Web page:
Q&A with "Priestdaddy" author, Patricia Lockwood
The fantastic and funny poet Patricia Lockwood has been a longtime favorite at Book Culture. Now, with her new memoir Priestdaddy (Riverhead, 2017), Lockwood takes her voice to a new genre, following her poetry collections Balloon Pop Outlaw Black (Octopus Books, 2012) and Motherland Fatherland Homelandsexuals (Penguin, 2014). Before her upcoming reading at Book Culture on 112th Street, we took the opportunity to ask Lockwood some questions:
1. Let's start with the important questions. You once wrote about Robert Frost kissing his neighbor, in a fantastic moment of blissful self-discovery. Beyond this, what would your dream literary couple be?
King David ... and Dan Brown. I just feel they would have a lot to talk about.
2. Your prior two books were both poetry. While Priestdaddy is nonfiction, it's filled with gorgeous imagery that might feel more naturally suited to poetry (I particularly like when you describe echoes as though they have a drawl). How do you view the two genres interacting here?
If I ever wrote a book where I didn't get to compare crescent moons to fingernail clippings, I would actually die. So it's a matter of necessity to me to figure out a way to integrate the two. Otherwise I'd be gasping for air by the end of the first week.
3. Priestdaddy obviously has a lot of comedy, but you add some insightful commentary on social problems, in the conservative Midwest in particular (for example, the "Abortion Barbie" chapter). How do you find the comfort to be so funny, scathing, and insightful (sometimes all at once), especially on such uncomfortable topics?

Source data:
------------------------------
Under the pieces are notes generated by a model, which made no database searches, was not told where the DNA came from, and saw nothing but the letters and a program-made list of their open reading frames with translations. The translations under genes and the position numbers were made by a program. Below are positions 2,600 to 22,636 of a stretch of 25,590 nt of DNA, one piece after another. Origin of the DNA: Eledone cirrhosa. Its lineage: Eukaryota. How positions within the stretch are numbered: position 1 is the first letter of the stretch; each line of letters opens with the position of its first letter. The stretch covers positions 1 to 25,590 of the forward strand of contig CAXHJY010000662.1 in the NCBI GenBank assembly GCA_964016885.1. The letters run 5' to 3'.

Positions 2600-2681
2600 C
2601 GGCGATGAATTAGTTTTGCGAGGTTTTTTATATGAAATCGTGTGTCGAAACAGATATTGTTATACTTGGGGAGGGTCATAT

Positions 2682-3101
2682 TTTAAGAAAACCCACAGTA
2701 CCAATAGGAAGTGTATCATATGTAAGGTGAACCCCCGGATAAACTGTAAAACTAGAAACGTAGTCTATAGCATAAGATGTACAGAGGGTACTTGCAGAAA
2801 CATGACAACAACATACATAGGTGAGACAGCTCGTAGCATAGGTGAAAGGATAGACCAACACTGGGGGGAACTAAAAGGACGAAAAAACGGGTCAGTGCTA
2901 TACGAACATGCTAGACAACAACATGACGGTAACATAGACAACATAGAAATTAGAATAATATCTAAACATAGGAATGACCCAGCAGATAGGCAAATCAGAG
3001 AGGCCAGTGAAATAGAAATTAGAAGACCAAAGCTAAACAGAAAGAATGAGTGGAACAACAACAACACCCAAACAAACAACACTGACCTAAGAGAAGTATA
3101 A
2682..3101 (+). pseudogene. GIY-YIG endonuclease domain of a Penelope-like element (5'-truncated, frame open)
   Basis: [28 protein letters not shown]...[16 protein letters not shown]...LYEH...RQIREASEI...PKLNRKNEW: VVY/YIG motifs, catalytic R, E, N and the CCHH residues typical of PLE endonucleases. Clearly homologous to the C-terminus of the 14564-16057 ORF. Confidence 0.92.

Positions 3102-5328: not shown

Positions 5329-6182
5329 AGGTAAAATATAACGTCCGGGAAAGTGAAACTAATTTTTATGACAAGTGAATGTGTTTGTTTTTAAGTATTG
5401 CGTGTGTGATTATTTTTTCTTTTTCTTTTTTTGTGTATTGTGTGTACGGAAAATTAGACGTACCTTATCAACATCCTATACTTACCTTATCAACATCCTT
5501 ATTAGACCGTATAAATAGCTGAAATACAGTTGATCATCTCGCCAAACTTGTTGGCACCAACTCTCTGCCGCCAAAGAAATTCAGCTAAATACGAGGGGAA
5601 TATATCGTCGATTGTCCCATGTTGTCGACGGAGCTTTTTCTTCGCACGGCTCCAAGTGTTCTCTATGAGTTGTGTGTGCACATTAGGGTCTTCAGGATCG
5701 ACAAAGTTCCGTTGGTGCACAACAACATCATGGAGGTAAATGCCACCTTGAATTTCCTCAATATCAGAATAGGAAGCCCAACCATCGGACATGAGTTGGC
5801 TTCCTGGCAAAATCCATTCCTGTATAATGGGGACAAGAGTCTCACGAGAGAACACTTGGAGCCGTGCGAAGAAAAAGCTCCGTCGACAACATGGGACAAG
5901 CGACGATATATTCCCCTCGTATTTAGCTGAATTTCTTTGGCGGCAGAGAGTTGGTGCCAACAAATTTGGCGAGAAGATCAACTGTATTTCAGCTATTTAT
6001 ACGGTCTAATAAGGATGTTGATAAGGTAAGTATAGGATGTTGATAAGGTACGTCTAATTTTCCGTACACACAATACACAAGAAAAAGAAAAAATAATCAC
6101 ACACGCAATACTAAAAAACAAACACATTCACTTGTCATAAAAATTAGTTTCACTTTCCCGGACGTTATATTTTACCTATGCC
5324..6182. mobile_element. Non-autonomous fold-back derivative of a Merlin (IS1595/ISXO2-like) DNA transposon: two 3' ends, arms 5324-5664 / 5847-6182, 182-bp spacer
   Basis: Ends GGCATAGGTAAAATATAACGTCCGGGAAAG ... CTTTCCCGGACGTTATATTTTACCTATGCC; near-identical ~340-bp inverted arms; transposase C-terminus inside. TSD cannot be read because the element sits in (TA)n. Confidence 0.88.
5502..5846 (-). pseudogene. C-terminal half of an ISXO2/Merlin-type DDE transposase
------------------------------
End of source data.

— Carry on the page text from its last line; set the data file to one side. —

How else to approach them? They're social problems because they're complex, because they're multidimensional. To attack them from only one angle is to do the reader a disservice. If you have comedy in your arsenal, use that. If you have a sense of the pulpit, use that too. Above all, exercise your empathy to its very limit.
4. Throughout Priestdaddy, you mention how voracious of a reader you are, but your style seems fairly unique. You mention Rebecca West a couple times, but who else would you say are your greatest influences?
My influences are a bit haphazard -- they were simply the writers who were available to me, the ones whose books I had access to in a somewhat circumscribed environment. For poetry, it was first the modernists, then the metaphysicals, and then the New York School. My literary sense of humor can probably be traced back to Jean Shepherd, Jack Handey, and Gary Larson.
5. What are you reading right now?
David Sedaris's Theft by Finding, whenever I get a chance. I like the entries where he's on meth. They're shorter.
Thanks, Patricia! Be sure to come to her reading at Book Culture on 112th Street, June 12th at 7 PM.
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